There are two things we know about Zacchaeus: he was rich and he was short.
He wasn’t just rich, he was a chief tax collector. There are quite a few references in the Gospels to tax collectors, but this is the only reference to a CHIEF tax collector. It’s like Zacchaeus was the regional manager of tax collectors. In those days, being a tax collector was a good way to make a lot of money, because it was a franchised operation, working for the occupying Roman government, but it was not a great way to make friends among the population, who had no fondness for taxes and really did not like people who made their money by collaborating with the Roman occupation. So with his money, Zacchaeus had a lot of privilege and with his position, he had protection, since the Romans would allow no one to mess with the way they governed. But Zacchaeus was also short. That is to say, very noticeably not tall. This is important, because even though it may not be a good thing, it often affects how people see a person, and the kind of respect they give him. Of course, it’s unfair, just as the extra privilege accorded to the rich and powerful is unfair in the other direction.
The image is that here comes this well-known healer and prophet, Jesus, walking down the main street of the town—“who knows, maybe he’s the messiah or something, maybe he’ll restore righteousness to Israel, maybe he’ll take the place of John the Baptist and start baptizing people in the Jordan (which wasn’t far away from that town of Jericho), maybe he’ll pick up where John left off when he was arrested, and show Herod and those Romans a thing or two…” The crowds were out, expecting something … and this short guy, this sinner Zacchaeus was there wanting to see him as well. But he was … not popular; a sinner; regional manager of the Tax Collecting Corporation … and besides he was short. So they turned their backs on him and closed ranks, and kept him from seeing the street. But, somehow, Zacchaeus really wanted to see this Jesus guy. Being resourceful and determined, Zacchaeus saw a sycamore tree down the road—the variety that grows in Palestine has big branches that spread out, starting pretty close to the ground—so he ran ahead and climbed up in the branches.
The crowd was expecting something special from Jesus, but they weren’t expecting what happened: “Zacchaeus come on down here! I have to stay at your house today!” Those were the words of the prophet Jesus, and Zacchaeus accepted them with joy; he scrambled down out of the tree and welcomed him. So they’re walking off toward Zacchaeus’ house and everybody has an opinion—it’s not just the Pharisees and other religious leaders this time. Everybody is saying that this Zacchaeus is obviously a sinner—look at all the money he makes, and besides, he’s short. Jesus, of course is a great disappointment, not living up to our expectations, hanging out with short people … I mean … obvious sinners. While people are grumbling, Zacchaeus stops and explains to Jesus how he lives: “Look, Lord, I give half my possessions to the poor, and if I may have defrauded someone, I make fourfold restitution.”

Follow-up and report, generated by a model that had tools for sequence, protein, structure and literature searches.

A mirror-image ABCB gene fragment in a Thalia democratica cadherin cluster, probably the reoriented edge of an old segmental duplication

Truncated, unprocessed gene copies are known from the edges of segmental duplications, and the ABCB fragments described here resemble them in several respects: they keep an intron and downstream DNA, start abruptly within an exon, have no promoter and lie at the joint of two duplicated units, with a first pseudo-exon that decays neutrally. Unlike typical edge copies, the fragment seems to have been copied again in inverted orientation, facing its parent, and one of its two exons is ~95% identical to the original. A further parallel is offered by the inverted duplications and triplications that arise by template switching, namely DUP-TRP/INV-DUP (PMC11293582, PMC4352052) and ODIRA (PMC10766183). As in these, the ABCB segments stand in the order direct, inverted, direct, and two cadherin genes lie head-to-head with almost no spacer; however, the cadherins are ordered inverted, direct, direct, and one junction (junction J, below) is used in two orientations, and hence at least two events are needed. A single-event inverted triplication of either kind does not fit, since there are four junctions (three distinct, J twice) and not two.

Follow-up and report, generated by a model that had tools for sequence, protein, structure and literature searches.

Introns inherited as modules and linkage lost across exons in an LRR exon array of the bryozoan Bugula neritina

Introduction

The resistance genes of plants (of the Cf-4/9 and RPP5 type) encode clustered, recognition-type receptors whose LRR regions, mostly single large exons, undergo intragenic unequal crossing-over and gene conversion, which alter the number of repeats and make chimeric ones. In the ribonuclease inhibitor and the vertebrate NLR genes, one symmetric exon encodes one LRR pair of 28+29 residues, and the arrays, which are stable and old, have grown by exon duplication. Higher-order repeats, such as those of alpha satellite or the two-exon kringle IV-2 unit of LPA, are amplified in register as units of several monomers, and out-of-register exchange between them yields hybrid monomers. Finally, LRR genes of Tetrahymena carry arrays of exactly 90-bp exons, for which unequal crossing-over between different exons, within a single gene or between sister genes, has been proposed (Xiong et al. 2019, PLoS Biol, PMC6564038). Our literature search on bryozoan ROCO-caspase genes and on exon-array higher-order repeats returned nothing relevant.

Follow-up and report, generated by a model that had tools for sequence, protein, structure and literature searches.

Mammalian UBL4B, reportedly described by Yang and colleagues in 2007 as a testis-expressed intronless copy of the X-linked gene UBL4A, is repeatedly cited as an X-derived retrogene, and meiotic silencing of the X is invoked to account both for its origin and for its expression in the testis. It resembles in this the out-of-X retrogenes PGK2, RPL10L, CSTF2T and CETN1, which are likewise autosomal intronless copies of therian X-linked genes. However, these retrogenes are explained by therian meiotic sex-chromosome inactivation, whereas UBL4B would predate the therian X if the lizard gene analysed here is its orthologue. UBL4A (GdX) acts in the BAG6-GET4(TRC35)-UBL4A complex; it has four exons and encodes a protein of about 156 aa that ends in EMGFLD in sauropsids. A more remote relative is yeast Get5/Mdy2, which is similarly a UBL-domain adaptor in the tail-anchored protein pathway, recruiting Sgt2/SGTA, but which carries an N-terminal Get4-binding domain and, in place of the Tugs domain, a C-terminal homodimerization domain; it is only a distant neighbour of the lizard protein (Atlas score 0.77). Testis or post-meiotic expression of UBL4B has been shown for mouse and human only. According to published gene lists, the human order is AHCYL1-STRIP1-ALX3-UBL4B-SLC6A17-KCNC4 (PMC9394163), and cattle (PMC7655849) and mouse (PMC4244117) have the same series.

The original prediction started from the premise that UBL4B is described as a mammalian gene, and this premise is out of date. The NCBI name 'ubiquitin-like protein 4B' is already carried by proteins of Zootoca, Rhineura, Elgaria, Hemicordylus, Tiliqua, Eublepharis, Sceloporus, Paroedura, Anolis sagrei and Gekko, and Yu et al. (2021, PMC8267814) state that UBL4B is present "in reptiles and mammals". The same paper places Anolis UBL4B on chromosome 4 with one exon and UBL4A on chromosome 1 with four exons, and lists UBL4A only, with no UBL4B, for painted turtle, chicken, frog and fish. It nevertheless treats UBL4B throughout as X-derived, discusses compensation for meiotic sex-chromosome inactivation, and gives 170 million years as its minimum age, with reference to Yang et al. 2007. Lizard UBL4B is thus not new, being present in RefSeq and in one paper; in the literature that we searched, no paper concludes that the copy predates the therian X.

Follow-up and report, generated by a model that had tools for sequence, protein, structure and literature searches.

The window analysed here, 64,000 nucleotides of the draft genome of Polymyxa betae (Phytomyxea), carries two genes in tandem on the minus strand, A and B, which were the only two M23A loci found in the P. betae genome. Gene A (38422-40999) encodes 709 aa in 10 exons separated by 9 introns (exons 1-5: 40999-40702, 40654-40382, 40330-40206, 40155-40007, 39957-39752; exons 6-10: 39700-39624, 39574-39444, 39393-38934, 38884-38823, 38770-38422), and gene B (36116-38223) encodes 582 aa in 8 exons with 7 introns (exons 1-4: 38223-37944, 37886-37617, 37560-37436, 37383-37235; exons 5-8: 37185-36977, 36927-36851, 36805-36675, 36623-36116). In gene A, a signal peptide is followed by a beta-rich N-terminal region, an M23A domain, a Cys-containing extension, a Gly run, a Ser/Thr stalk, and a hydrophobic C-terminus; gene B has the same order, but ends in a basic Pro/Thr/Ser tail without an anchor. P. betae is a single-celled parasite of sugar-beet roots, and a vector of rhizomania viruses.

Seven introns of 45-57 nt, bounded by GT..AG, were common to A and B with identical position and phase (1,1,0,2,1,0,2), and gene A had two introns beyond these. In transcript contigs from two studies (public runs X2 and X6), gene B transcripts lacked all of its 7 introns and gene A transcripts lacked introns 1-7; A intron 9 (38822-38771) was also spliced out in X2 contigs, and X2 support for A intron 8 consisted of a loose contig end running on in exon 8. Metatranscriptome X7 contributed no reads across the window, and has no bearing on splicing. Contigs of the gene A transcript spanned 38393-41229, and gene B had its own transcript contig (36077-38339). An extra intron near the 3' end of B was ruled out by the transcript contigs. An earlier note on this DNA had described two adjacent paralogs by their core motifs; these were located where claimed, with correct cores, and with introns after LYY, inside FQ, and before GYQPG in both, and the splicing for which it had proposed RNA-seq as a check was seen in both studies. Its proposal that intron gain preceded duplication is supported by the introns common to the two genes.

One of the problems with the lectionary is that sometimes parts of the Gospel story are skipped over. In my Greek New Testament, there is another story that runs parallel to this, the story of the rich ruler. The same basic story occurs in the Gospel of Mark, so it was read last year, and I preached on it here at St. Paul’s and at Trinity just over a year ago. So it’s left out of this year’s cycle of readings. In that story a clearly devout and prominent man asks Jesus what he should do to inherit eternal life, Jesus lists off the essentials of the commandments, the man affirms that he has always followed those, and Jesus says, “just one more thing—sell what you have, give to the poor, and come follow me” … the man goes away sorrowful, for he was very rich. In the Gospel of Luke, these two stories are only separated by Jesus’ prediction of his death and resurrection and the healing of the blind beggar—one page in the Greek. Zacchaeus, who is also rich and powerful does not go away sorrowful, but welcomes Jesus with joy. Though no one notices or believes him, he dedicates himself and his property to the Kingdom of God.
Jesus said: (to put it in very literal translation) “Today, therefore, it is necessary that I remain in your house” –it uses the same formula that he uses when he responds to Peter’s confessing that he is the messiah by saying “it is necessary that the Son of man undergo great suffering, and be rejected … and be killed and on the third day be raised.” Dwelling in the house of this notorious sinner brings in the Kingdom of God. (flip one more page and you are at Jesus’ triumphal entry into Jerusalem). Zacchaeus is an ambiguous character with a complex life—not unlike many of us, I would wager—he has plenty of privilege, and yet he’s also marginalized and despised. He is in no more likely situation to respond to Jesus than the rich ruler, and he’s in no less difficult situation to take this man into his house than we are. Jesus sought out Zacchaeus and brought salvation to his house, just as he seeks us out, to bring his healing and his Gospel in this town.